Planetary Bodies

Using data from NASA’s Parker Solar Probe, we have assembled a comprehensive understanding of our zodiacal cloud's inner structure and behavior, comprised of dust that swirls throughout the solar system. PSP observed three dust populations in the cloud. Most of the grains are being slowly pulled in toward the Sun (alpha-meteoroids); the second population is generated as grains in the swirling cloud collide, creating fragments so small that they are pushed out of the solar system in all directions by pressure from sunlight (beta-meteoroids); and a third group, probably created when a “tube” of cometary debris collides with grains from the first two populations, that is scattered out in a distinctive wedge shape. From these observations, we're able to constrain the collisional evolution of the zodiacal cloud.

Jovian magnetospheric overview
Overview of Jupiter’s magnetosphere in the vicinity of the Galilean satellites. Water-group pickup ions (blue) originate from Europa’s neutral toroidal cloud (brighter blue near Europa). Io and Europa contribute plasma pickup ions of different compositions to Jupiter’s magnetosphere. Alfvén wings connected to the moons due to their interaction with corotating plasma are shown in grey. Credit: Szalay, J. R., et al. (2022). H2+ pickup ions from Europa-genic H2 Neutrals Orbiting Jupiter. Geophysical Research Letters, 49, 

Planetary bodies throughout the solar system are exposed to plasma and dust particle fluxes. Jupiter's plasma environment is of particular interest as it is internally driven by material released from its diverse moons. Observations with the JADE instrument aboard the Juno spacecraft have allowed us to probe the inner workings and composition of Jupiter's plasma environment in unprecedented detail. For example, JADE observations have revealed water-group H2+ pickup ions are injected into its magnetosphere from the destruction of water-ice on Europa's surface.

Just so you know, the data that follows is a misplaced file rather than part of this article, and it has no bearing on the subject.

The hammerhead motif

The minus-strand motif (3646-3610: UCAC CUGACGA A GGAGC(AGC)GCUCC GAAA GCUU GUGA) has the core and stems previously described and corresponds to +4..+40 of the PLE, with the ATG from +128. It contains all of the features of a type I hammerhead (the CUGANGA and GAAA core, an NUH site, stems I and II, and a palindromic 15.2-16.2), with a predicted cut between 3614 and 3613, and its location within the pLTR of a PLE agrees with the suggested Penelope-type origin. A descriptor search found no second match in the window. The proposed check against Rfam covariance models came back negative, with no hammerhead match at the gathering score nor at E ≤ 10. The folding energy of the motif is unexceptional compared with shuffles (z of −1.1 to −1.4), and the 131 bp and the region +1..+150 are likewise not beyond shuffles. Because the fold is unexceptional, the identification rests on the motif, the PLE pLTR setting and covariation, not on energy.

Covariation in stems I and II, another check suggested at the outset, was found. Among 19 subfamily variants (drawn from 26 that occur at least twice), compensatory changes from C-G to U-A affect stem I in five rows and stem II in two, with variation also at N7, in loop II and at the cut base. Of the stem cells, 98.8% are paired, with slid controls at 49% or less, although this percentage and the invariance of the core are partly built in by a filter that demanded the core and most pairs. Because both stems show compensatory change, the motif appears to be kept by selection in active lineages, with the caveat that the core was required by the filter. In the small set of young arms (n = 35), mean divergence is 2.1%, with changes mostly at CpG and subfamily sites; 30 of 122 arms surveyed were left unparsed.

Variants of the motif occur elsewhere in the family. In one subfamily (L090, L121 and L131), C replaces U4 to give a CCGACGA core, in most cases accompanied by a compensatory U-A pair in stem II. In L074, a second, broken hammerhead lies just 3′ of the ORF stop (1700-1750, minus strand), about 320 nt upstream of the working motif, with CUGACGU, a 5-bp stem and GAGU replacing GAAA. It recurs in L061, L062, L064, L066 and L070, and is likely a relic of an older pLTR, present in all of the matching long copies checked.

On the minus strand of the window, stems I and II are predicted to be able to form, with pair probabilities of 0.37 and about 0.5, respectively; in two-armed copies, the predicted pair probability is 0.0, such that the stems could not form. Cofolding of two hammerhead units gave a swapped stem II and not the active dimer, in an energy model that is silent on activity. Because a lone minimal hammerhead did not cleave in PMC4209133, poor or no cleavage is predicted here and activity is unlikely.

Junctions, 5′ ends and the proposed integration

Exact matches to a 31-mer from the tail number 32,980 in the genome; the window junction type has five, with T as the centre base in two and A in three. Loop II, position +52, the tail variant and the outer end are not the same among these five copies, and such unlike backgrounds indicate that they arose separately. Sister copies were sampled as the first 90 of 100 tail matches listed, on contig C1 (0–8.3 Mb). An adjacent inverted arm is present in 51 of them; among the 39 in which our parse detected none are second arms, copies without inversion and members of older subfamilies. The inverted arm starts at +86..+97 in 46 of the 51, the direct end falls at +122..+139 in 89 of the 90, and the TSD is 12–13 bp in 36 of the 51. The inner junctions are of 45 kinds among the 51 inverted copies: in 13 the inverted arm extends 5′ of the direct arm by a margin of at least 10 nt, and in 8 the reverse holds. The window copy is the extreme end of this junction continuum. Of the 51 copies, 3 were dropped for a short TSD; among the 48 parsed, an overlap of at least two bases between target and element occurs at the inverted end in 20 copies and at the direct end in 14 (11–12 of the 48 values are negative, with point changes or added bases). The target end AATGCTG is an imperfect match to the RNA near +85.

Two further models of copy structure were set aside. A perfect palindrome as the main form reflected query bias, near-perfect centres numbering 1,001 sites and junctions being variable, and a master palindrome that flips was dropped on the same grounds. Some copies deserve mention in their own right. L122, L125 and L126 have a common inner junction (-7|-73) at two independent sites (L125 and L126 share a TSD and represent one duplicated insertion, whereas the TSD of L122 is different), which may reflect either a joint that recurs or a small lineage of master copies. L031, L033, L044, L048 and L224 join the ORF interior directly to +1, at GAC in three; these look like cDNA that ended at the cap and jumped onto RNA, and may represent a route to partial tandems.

Solar Wind Interaction with Pluto
SWAP observations of Pluto's interaction with the solar wind. Credit: McComas, D. J., et al. (2016), J. Geophys. Res., 121, 4232–4246.


All objects in the heliosphere also provide an obstacle to the solar wind and will carve out a local interaction region populated with a complex and diverse plasma environment. For example, plasma measurements taken with the SWAP instrument during New Horizons' flyby of Pluto revealed a hybrid interaction, where a bow shock ahead of Pluto is generated by mass-loading of the solar wind like at a comet, but the obstacle excluding the solar wind plasma is supported by atmospheric pressure like the interaction at Venus or Mars. 

For airless bodies that lack dense atmospheres, their surfaces are entirely exposed to local plasma and dust populations, which modify and space weather their surfaces over time. These bodies are both sources and sinks of plasma and dust populations throughout the heliosphere.

Relevant Observations:

  • Solar wind ions, pickup ions, and planetary ions at Jupiter and Pluto (SWAP)
  • Energetic neutral atoms from Earth’s magnetosphere (TWINS, IBEX) and the Moon (IBEX)
  • Plasma at Jupiter’s magnetosphere (Juno/JADE)
  • Dust impact ejecta clouds from the Moon (LADEE)

Examples of Research Topics:

  • Heavy ions at the solar wind interaction with Pluto
  • Auroral processes at Jupiter
  • Satellite-magnetosphere interactions at Jupiter (Io, Europa, Ganymede, Callisto)
  • Impact processes at airless bodies